Relative Morality

When was the last time you heard a priest or bishop denounce the evil of divorce? Just as sermons inveighing against contraception have almost disappeared from Catholic pulpits, so too has preaching against divorce. The Catholic church has certainly not changed its teaching about the indissolubility of the marriage bond or its ban against divorce and remarriage, but divorce is certainly not high on the list of major sins for either high or low clergy. Why?

Could it be that just about every bishop and priest has a divorced sibling, niece, nephew, or cousin? A fair number of younger priests and seminarians have divorced parents. Back in the fifties, anyone from a "broken home" would have been kindly but firmly told that he could not be ordained for a major archdiocese like Chicago or Boston. No more! Today, divorce is no longer a remote aberration but a pressing and unhappy reality which has touched the majority of American families. More than half of all marriages in the United States end in the divorce courts and among second marriages the percentage is even higher. It is inevitable, therefore, that the Catholic clergy are not only counseling angry and alienated couples in the parish office but also confronting the pain of divorce among their own relatives.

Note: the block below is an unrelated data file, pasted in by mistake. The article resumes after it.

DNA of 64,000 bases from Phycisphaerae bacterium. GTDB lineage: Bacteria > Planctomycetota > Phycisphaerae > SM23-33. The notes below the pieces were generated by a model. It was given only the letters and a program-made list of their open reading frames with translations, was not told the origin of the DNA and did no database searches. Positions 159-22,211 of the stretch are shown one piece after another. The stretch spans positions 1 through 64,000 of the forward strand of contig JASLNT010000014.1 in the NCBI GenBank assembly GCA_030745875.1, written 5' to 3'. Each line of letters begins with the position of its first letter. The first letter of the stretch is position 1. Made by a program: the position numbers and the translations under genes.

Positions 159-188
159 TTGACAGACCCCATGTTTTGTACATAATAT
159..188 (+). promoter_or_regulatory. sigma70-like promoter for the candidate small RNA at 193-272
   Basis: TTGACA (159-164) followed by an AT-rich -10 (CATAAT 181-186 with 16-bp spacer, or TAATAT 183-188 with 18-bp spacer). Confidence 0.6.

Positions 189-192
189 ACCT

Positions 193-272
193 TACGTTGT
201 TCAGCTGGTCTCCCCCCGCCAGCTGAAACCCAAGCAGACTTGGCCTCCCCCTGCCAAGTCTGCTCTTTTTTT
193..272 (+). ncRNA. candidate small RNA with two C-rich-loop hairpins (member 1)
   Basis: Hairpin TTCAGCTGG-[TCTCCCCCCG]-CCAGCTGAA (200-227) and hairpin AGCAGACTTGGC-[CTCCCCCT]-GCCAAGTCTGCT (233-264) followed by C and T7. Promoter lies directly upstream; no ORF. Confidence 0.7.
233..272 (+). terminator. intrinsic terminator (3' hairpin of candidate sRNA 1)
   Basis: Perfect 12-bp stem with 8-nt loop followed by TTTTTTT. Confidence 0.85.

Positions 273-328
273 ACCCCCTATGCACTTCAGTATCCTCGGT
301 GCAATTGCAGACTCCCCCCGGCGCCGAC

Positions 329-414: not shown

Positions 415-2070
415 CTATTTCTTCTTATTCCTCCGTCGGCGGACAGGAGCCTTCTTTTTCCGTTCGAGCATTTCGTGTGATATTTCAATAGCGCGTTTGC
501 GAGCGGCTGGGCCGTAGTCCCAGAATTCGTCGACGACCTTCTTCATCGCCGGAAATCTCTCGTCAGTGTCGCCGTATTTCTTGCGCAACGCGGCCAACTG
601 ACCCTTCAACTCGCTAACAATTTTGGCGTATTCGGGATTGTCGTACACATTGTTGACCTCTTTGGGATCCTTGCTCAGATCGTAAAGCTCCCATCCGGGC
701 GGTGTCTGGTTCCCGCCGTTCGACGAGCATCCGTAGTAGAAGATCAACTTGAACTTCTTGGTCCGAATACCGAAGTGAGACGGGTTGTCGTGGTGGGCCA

A priest’s or bishop’s divorced sister or brother is seen not as a sinner but rather as an unfortunate victim to be granted a declaration of nullity...

To read the rest of this article please login or become a subscriber.

About the Author

The Reverend Willard F. Jabusch is chaplain emeritus of the University of Chicago.